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Title:'The problem of the health of the native': colonial rule and the rural African healthcare question in Zimbabwe, 1890s-1930
Author:Ncube, Glen
Year:2012
Periodical:South African Historical Journal (ISSN 0258-2473)
Volume:64
Issue:4
Pages:807-826
Language:English
Geographic term:Zimbabwe
Subjects:colonial policy
health care
rural society
External link:https://www.tandfonline.com/doi/pdf/10.1080/02582473.2012.693533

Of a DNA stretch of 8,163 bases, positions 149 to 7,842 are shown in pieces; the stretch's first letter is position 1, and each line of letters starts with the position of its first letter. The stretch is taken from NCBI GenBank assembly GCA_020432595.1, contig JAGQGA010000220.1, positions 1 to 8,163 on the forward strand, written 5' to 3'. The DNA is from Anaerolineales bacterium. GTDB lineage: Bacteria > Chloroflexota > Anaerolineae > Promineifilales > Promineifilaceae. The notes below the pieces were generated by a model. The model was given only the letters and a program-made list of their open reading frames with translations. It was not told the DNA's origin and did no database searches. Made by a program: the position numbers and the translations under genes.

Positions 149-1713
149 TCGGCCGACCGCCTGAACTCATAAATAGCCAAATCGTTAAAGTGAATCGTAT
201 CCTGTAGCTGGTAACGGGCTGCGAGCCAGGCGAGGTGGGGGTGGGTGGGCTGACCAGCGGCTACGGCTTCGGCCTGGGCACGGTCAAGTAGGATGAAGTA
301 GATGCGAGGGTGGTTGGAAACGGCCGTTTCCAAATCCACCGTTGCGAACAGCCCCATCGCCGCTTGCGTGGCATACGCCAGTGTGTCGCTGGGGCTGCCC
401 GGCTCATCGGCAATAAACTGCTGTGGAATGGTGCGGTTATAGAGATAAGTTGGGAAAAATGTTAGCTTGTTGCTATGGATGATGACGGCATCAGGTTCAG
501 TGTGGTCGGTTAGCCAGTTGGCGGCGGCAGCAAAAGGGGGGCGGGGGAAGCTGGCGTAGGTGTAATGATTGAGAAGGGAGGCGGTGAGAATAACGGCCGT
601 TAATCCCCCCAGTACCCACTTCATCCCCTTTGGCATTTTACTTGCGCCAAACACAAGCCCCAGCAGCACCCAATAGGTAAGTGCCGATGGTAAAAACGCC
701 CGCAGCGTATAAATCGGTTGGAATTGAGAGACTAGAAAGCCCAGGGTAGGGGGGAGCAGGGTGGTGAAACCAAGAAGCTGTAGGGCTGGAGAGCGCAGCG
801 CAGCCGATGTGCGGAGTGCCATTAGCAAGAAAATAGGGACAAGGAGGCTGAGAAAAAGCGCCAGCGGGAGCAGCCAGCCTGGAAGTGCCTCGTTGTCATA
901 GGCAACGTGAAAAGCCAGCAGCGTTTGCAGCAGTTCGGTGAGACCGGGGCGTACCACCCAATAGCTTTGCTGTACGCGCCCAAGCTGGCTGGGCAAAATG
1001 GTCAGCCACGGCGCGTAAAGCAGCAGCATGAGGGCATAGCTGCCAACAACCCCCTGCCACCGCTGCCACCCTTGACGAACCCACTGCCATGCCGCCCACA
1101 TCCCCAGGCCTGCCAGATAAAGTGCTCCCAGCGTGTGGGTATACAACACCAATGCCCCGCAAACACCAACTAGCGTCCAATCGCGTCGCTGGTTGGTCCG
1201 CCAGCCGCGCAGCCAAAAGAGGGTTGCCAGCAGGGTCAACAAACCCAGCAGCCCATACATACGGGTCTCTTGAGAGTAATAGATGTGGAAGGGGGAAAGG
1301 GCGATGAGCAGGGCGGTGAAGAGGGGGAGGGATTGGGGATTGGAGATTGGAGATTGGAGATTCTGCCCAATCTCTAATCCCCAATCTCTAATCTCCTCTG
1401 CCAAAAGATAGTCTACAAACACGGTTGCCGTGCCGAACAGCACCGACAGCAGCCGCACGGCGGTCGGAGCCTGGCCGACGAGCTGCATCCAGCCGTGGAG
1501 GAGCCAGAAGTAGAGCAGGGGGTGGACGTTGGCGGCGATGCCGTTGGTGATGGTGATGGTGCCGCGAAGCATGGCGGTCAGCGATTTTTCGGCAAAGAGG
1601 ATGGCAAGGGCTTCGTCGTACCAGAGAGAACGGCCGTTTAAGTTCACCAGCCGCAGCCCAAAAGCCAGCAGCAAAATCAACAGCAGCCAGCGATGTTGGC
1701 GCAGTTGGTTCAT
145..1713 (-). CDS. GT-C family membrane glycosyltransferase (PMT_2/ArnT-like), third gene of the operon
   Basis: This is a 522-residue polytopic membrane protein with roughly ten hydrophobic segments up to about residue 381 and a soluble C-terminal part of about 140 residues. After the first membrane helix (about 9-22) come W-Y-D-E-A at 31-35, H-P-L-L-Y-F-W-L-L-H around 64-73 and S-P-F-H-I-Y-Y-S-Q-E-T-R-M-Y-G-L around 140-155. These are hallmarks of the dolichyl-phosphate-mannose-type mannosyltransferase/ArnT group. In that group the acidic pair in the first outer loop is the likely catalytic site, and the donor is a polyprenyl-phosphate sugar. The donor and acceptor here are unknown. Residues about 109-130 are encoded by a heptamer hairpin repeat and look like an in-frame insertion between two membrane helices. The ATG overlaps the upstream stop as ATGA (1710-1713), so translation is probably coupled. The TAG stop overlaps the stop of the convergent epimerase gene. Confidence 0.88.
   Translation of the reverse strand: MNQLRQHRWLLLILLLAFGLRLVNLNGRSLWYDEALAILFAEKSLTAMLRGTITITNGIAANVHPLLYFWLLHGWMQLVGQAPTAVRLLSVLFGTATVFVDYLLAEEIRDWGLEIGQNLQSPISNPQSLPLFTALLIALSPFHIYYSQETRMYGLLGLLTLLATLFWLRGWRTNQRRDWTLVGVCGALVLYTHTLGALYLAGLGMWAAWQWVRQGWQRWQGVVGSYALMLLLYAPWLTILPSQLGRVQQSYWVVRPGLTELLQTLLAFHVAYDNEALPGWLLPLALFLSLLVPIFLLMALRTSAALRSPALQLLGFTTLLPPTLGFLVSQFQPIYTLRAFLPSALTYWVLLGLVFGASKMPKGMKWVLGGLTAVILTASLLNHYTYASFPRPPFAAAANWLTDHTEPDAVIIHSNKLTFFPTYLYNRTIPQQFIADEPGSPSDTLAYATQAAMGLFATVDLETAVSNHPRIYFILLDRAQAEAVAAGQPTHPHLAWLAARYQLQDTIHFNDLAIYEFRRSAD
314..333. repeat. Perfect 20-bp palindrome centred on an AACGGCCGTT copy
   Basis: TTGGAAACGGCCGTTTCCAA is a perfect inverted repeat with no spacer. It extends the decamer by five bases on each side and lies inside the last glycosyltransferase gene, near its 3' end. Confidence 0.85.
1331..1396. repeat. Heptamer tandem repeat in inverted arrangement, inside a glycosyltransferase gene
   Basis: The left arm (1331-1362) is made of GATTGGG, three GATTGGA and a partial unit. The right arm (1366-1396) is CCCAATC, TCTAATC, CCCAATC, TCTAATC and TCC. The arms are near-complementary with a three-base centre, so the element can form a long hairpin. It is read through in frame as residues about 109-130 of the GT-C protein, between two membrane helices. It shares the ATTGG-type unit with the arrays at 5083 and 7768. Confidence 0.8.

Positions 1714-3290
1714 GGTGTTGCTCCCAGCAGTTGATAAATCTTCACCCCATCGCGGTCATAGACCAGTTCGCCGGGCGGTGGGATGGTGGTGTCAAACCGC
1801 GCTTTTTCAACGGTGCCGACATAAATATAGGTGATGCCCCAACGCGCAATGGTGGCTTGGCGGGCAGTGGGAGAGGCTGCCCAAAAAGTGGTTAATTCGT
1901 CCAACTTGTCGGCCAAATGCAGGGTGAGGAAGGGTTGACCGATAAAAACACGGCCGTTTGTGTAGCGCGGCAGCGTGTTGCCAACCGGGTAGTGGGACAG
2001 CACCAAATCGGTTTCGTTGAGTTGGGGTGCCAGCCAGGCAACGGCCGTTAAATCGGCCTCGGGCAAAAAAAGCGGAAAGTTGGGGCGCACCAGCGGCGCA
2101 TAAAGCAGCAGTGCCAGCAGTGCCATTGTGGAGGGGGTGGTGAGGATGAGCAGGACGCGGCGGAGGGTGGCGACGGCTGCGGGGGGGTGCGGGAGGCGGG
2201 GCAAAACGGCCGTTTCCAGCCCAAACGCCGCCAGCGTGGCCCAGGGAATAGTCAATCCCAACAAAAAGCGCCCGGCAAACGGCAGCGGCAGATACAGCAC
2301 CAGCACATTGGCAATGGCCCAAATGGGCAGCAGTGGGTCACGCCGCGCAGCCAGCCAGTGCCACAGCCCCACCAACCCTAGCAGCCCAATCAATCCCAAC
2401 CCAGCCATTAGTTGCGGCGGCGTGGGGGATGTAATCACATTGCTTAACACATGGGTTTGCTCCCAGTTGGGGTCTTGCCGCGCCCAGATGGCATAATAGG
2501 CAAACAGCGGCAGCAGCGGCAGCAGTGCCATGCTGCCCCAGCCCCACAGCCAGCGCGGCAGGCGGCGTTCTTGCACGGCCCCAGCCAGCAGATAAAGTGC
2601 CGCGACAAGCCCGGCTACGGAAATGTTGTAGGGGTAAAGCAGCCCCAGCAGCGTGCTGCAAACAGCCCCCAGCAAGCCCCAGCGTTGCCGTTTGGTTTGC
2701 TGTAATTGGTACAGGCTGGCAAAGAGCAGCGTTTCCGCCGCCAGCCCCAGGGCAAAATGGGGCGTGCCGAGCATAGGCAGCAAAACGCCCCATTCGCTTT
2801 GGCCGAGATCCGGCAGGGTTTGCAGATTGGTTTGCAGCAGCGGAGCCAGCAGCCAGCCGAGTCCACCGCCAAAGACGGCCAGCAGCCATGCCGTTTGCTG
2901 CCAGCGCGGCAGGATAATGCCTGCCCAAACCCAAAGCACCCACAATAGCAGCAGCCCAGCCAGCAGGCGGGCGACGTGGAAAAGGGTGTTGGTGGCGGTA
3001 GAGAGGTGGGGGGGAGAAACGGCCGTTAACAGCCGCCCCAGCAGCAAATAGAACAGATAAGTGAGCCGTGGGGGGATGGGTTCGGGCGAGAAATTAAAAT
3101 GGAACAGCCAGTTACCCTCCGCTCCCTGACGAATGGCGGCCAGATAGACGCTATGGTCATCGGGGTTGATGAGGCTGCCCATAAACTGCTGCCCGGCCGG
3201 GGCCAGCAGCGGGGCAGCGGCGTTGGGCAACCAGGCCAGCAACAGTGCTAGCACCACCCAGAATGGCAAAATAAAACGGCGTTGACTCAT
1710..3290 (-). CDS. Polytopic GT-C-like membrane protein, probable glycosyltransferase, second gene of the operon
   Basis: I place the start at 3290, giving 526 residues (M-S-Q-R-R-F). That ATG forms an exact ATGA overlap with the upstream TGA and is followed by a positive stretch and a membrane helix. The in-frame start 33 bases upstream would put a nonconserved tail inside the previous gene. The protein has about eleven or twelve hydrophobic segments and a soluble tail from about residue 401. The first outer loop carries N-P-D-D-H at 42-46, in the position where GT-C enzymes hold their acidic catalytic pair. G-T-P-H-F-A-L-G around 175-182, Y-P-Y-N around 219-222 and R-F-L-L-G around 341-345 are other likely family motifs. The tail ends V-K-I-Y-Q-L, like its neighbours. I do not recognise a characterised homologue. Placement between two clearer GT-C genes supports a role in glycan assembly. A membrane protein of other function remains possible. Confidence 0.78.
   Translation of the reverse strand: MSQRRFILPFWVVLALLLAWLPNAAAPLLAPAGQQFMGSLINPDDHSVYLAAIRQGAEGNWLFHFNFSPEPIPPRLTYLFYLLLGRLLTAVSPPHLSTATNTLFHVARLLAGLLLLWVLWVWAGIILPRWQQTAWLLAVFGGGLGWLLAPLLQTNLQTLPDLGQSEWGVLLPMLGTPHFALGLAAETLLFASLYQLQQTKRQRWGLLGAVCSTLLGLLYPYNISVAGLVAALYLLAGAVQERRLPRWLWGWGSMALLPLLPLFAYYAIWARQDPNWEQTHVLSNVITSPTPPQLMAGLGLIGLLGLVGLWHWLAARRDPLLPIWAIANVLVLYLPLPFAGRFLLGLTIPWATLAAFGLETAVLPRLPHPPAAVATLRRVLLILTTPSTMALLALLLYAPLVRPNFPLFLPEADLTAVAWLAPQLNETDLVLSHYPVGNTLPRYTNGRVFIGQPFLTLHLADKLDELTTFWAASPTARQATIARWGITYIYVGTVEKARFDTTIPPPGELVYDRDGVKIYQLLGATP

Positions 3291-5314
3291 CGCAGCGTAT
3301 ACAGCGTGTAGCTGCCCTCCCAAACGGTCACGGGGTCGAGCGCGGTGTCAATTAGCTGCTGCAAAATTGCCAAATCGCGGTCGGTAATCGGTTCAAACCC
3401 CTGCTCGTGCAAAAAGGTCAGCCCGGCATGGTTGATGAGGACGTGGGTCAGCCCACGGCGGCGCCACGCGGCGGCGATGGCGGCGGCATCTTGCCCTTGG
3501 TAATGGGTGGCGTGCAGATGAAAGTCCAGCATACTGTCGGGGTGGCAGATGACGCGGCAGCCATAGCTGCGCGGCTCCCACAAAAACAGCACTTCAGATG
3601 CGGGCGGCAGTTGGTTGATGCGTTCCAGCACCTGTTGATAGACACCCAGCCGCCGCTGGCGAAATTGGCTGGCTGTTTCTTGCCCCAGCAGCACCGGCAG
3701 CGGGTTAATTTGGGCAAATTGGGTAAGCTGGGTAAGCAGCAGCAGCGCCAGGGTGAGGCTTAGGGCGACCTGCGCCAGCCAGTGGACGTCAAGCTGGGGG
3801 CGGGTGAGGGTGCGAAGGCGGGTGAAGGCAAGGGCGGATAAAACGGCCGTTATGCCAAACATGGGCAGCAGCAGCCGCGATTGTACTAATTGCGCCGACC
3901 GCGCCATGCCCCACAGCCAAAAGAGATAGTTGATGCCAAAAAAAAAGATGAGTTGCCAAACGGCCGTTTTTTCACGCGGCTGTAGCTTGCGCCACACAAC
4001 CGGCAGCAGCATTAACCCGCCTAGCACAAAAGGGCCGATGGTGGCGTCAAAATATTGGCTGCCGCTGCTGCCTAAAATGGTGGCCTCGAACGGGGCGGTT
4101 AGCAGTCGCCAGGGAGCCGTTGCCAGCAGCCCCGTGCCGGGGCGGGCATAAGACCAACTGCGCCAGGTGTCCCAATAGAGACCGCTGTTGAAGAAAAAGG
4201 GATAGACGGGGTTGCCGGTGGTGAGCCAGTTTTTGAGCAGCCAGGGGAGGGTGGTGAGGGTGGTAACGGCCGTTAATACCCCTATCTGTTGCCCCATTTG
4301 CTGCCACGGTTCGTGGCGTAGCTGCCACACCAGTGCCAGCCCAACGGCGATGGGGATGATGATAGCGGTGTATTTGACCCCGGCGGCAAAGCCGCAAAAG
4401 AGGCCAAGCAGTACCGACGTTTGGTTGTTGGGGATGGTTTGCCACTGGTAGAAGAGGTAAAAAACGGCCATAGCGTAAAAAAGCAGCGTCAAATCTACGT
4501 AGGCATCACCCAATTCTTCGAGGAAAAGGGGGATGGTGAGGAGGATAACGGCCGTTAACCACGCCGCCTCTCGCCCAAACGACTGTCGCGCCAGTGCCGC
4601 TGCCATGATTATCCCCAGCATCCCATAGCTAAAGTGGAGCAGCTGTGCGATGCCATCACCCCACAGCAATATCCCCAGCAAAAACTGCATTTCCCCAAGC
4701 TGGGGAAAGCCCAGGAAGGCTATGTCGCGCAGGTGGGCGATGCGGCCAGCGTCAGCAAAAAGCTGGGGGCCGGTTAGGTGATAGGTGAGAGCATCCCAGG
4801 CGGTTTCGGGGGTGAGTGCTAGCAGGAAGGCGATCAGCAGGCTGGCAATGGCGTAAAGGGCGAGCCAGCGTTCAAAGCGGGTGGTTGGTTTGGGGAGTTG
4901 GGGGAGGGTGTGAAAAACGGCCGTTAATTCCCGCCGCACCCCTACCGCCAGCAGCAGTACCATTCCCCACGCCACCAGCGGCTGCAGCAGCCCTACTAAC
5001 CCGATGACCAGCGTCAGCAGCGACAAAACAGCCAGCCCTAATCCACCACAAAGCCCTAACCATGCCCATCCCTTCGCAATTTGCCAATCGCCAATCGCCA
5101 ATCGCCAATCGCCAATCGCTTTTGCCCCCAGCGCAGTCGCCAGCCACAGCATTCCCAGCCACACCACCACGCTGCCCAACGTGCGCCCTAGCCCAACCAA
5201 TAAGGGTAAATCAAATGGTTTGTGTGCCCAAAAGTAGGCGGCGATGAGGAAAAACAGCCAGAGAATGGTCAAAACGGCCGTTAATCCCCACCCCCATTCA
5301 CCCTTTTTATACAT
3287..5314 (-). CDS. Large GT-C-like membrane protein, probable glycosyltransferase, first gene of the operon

Abstract:This article addresses one of the intriguing paradoxes of colonial Zimbabwe's early twentieth-century medical history, that despite the unusually early interest in rural health care showed by the colony's political leadership and senior, non-medical bureaucrats, until the 1930s the colony's rural health care infrastructure remained tentative, sporadic and makeshift. The article endeavours to solve this puzzle by seeking for answers in the divergent visions held by the medical and non-medical policymakers and the intractable debates about African health care. By tracing these protracted debates to the turn of the century, the article revises the popular depiction of colonial rural health care reform as an essentially post-World War I phenomenon. Moreover, it also argues that the collage of reasons, including the colonists' enlightened self-interest, which have been proffered by historians to explain health care reform in other colonies were, in colonial Zimbabwe, neither self-evident nor uncontested. Notes, ref., sum. [Journal abstract]
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